Death by Parking - Chapter 22 - We Lay the Trap
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My bodyguard, Mary Ellen McKinney, daughter of the detective that had been recommended to me as additional help, was momentarily out of the action. Just as she was ready to take down one of the gunsels that surrounded me, someone came out of the bushes and grabbed her. I panicked. She didn’t.
She had a smile on her face as her heel came down on an instep and she turned and put a well placed knee right between his legs. The attacker was down and out for the count in less than 10 seconds. Mary Ellen then proceeded toward the gorilla who was covering me. She flicked her wrist and a telescoping metal truncheon came out from her sleeve. She lowered it just above the ear of my buddy, and he too was out of action.
It all happened so fast and so quietly that Smith, Cosner and their enforcer, Dandy Giovanni, barely realized that the odds had changed, and not in their favor. Mary Ellen then placed her metal truncheon against Dandy’s spine and whispered in his ear. I think it was something like “if you want to stay out of a wheelchair, drop your gun.” He did. Dandy had always impressed me as a coward, and he lived up to his reputation.
I walked over to Smith and Cosner and put my arms around their shoulders. “Don’t you think its time for you two boys to get back to the party. I’m sure they are missing you.” The two walked slowly back inside.
Mary Ellen and I cleaned up the mess in the garden, took them to the front gate, and gave them a shove. I motioned to one of the armed guards we had hired as security and those three were substantially distracted for the rest of the evening. Somehow, however, I felt that I would be seeing them again.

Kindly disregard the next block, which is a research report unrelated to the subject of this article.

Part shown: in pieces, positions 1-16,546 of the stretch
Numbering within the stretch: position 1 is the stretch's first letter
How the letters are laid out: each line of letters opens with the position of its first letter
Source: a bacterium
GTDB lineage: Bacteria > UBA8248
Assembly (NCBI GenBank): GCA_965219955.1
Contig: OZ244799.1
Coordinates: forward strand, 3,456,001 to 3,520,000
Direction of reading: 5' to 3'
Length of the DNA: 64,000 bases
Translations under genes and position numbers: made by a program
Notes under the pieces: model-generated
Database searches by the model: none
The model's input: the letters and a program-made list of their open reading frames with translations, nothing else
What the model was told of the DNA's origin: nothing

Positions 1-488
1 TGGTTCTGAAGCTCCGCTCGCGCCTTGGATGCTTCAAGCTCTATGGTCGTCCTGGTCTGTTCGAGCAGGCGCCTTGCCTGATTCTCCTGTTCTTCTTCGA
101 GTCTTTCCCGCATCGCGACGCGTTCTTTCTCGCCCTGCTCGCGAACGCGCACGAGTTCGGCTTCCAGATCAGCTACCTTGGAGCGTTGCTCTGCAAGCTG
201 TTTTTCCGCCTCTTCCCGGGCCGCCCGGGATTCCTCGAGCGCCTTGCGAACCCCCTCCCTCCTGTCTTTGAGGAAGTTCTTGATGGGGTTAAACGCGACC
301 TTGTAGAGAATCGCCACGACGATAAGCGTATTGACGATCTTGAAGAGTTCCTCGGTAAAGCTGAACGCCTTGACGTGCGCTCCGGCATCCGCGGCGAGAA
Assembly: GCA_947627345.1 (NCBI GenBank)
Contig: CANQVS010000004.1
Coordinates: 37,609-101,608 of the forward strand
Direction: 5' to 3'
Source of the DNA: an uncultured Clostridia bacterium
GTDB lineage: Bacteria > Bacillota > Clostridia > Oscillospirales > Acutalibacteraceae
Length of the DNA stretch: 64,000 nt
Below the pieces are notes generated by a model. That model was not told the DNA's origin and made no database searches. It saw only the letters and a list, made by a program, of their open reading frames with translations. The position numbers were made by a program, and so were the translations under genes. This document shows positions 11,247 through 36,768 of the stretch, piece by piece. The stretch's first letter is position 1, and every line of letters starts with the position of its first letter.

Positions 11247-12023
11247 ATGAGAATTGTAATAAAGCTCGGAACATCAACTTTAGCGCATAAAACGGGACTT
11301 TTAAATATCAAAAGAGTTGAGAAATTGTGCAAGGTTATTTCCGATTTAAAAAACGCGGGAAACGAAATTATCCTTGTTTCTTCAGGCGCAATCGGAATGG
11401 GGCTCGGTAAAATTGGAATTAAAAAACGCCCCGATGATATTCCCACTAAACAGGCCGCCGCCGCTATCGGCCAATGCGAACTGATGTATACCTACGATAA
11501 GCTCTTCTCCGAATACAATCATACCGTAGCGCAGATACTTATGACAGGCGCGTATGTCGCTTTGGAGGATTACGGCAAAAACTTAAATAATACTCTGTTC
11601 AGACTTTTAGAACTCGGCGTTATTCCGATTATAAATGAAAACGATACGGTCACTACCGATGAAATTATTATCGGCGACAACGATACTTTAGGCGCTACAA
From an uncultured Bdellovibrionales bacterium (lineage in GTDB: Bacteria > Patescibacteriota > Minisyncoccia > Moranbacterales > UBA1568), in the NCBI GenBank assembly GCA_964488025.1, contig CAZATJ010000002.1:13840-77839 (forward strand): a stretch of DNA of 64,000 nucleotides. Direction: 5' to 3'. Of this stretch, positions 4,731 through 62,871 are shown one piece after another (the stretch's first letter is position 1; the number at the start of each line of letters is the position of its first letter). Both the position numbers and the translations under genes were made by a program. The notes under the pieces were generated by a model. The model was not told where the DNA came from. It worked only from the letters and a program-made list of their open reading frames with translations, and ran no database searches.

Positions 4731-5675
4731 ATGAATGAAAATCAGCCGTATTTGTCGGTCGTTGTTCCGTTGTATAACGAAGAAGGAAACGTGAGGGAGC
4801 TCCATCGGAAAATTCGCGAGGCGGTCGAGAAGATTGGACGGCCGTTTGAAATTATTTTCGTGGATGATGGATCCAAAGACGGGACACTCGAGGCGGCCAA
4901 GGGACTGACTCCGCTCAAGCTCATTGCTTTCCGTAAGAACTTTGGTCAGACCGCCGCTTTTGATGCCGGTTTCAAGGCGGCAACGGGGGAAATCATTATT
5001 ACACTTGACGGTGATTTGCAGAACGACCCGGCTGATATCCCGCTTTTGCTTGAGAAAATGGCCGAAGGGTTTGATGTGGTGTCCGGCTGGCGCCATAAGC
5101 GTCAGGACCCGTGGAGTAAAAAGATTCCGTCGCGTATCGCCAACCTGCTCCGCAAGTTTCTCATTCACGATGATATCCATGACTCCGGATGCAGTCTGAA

As we walked back inside, a black sliver cloud Rolls Royce rolled silently up to the front door. The valet opened the read door and Veronica, Josh, and St. John Smythe got out. Veronica was dressed in a silver sheath with a slit that ran from her ankle all the way up her leg. She had one diamond the size of a robin’s egg around her neck. That was all she needed. Josh and St. John Smythe were dressed by Armani, all in black, with nicely pattern ties by Hermes. The ties cost more than my entire wardrobe. As St. John Smythe shot his cuffs, I noticed the gold of a Patek Phillipe on his wrist. Josh was down market with a simple Rolex on display. Afterall, he was hired help.
I followed them in to the foyer where they were met by our hostess. Maryann Leyman knew her role and carried it off perfectly. She took St. John Smythe’s arm and escorted him into the ballroom. Veronica and Josh followed. I grabbed a scotch and watched the action from the bar. When Maryann paused at the entry to the ballroom, the entire place went quiet. She nodded to a server who brough champagne, and then the four of them proceeded to talk to May Jansen, the money behind the bank funding S and L’s project on Wilshire Boulevard.